Archpastoral Greetings at the Nativity of Christ

Diocese of Alaska logo with Nativity Greeting, Christ is Born! Glorify Him!
Tlingit Nativity Greeting - Krisdos kuwdzitee!

Archpastoral Epistle of His Grace, Bishop ALEXIS for the 2020 celebration of the Great Feast of Nativity in the flesh of Our Lord, God, and Savior Jesus Christ

Prot. No. 1

To the Honorable Clergy, Venerable Monastics, and Pious Faithful of the Sacred and God-protected Diocese of Sitka and Alaska:

Dear Christ-loving flock, beloved of our Lord,

Christ is Born! Glorify Him!

Христос рождается! Славьте его!

Kristusaaq Yuurtuq! Nanrarciu!

“When they saw the star, they rejoiced exceedingly with great joy.”
Nativity Icon, the Virgin with Christ in the manger
Gospel of St. Matthew
And when the spiritual children of our venerable Father Herman of Alaska go starring from home to home, they like the magi rejoice exceedingly with great joy in the light of Christ that knows no evening. The star over Bethlehem that encouraged the hearts of the magi continues to encourage us by filling our hearts with the quiet joy of Emmanuel, God is with us. Saint Ephraim the Syrian teaches that although the sun has brighter visible light than that star, the star over Bethlehem had incomparably greater spiritual light and power, for it revealed to us that the young child born of Most Pure Virgin on earth is the pre-eternal Son of the unoriginate Father in heaven. For us the faithful, there is no pandemic that can prevent that holy star from also rising in our hearts,[1] just as there is no situation that can “separate us from the love of God in Christ Jesus our Lord.”[2] The only restrictions that can keep us from spiritually celebrating our Savior’s incarnation in the flesh are those of our sins, our selfishness, and our stubborn will. If we try to bring to our Lord just some of the humility that He demonstrated in being placed in a manager, if we try to bring to our Lord just some of the acceptance that He demonstrated when there was no room in the inn, our offering these gifts will enable us to spiritually hear what the Shepherd’s heard and to spiritually see what the Magi saw. And even if we are unable to celebrate now as we could in years past, I ask that you please try to not become discouraged. Instead, patiently accept whatever providence brings your way, “little flock; for it is your Father’s good pleasure to give you the kingdom.”[3] No matter what limits this pandemic places on us during the feast, we can always celebrate our Lord’s incarnation by embracing the holy virtues of the Gospel and letting them take flesh in our every thought, word, and deed. Christ-like humility, peace, and love in the human soul shine like a bright star in this darkened world. When we are humble, peaceful, and loving, we become like a holy star “to give light to them that sit in darkness and in the shadow of death.”[4] Over a thousand years before our venerable father, Saint Herman, went to be a hermit on Spruce island, the hermit bishop, Saint Isaac the Syrian is said to have written the following words of counsel on Christmas eve:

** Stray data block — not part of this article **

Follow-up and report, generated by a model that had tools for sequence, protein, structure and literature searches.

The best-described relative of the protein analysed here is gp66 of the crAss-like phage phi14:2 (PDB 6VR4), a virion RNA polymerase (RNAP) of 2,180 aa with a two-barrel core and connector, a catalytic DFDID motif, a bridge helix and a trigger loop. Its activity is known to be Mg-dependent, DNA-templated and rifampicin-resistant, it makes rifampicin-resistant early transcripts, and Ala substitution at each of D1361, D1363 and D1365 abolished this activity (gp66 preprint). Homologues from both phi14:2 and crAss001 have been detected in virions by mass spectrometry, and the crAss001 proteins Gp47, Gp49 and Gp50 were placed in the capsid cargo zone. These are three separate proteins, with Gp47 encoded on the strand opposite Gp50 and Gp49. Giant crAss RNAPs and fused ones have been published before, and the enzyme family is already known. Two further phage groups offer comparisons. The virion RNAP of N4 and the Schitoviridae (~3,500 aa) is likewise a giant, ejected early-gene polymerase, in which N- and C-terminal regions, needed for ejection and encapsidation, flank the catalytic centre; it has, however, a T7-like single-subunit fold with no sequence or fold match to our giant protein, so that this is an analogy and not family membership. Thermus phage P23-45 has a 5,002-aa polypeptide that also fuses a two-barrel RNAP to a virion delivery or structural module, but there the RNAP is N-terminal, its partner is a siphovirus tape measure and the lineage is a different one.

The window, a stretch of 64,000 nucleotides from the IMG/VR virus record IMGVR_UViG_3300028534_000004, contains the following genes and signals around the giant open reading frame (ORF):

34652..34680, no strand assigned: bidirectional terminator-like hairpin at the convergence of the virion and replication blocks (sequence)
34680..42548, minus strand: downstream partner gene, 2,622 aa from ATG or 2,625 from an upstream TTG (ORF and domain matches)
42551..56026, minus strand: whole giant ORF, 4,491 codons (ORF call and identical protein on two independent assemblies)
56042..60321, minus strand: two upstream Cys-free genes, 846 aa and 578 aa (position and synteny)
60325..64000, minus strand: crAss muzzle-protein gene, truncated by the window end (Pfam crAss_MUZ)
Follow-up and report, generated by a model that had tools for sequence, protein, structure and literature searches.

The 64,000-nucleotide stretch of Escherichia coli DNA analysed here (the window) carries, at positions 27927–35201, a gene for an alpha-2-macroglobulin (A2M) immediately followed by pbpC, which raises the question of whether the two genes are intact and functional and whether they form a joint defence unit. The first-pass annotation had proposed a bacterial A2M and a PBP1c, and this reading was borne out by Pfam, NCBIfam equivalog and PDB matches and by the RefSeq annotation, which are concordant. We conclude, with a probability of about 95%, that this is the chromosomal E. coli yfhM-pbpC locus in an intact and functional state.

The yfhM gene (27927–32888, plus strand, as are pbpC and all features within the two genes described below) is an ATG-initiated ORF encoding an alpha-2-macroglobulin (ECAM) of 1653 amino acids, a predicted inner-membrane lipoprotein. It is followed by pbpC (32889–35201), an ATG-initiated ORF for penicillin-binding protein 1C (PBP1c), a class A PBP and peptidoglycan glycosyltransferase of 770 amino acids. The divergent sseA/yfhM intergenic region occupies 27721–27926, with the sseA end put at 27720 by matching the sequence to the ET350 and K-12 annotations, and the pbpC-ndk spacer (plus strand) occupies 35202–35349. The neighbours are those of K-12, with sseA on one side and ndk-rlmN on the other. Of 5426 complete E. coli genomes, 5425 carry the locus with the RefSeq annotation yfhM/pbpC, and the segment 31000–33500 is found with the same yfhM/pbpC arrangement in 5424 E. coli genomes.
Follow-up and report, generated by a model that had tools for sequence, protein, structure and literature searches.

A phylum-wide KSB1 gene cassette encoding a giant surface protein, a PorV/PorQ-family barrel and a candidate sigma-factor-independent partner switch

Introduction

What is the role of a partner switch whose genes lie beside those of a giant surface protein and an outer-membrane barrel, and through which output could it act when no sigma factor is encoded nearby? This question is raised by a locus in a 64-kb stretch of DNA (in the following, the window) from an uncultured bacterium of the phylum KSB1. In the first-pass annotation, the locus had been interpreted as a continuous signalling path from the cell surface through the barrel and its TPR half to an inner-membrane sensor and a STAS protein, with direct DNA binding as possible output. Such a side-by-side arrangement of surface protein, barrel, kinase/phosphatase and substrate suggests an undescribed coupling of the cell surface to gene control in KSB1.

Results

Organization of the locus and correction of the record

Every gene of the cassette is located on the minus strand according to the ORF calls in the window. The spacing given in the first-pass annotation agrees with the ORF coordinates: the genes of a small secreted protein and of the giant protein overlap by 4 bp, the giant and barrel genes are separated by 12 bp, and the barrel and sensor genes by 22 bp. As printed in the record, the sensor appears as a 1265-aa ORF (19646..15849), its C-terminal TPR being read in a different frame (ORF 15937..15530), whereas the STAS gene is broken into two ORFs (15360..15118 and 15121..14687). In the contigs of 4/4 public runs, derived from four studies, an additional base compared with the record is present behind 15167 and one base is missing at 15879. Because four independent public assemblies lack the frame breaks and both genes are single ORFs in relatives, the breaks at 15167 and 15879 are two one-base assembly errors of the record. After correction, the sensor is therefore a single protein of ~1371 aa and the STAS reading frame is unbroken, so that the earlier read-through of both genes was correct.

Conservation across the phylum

This Christmas night, Christ bestowed peace on the whole world, so let no one threaten another. This is the night of the most-gentle One, so let no one be cruel. This is the night of the humble One, so let no one be proud. Today is a day of joy, so let us not seek revenge. Today is a day of good will, so let us not be mean. Today is a day of peace, so let us not be conquered by anger. Today He who is rich became poor for our sakes, so let us invite those in need to our table. Today we receive such a Gift without asking for it, so let us give alms to those who ask for our help. This present day opens wide heaven’s gates to our prayers, so let us open our door to those who ask our forgiveness.

Beloved, with peaceful hearts, let us celebrate Christ’s Nativity by being kind to everyone with whom we come in contact. Let us look upon the greatness of Christ’s humility, meekness, and love in the way He chose to be born for us and to be born for them. It is only right that we be humble, meek, and loving in our brothers’ presence and in our sisters’ presence. Our Lord has given us everything. Of us, He only asks, “My son, [my daughter], give me thine heart.”[5] May we all give Him our hearts this Christmas.

In closing, I also would also like to thank you for the gift and blessing of being able to be your shepherd at this time. I pray that God richly bless your homes on the sacred feast of our Lord’s Nativity in the flesh. And I also humbly ask that you also remember me in your precious prayers.

With fatherly love in our Christ, born as a little child for our salvation,

+ALEXIS, Bishop of Bethesda
Locum Tenens of the Diocese of Sitka & Alaska

[1]               2 Peter 1:19

[2]               Romans 8:39

[3]               Luke 12:32

[4]               Luke 1:79

[5]               Psalm 23:26

Archpastoral Letter for Nativity 2020
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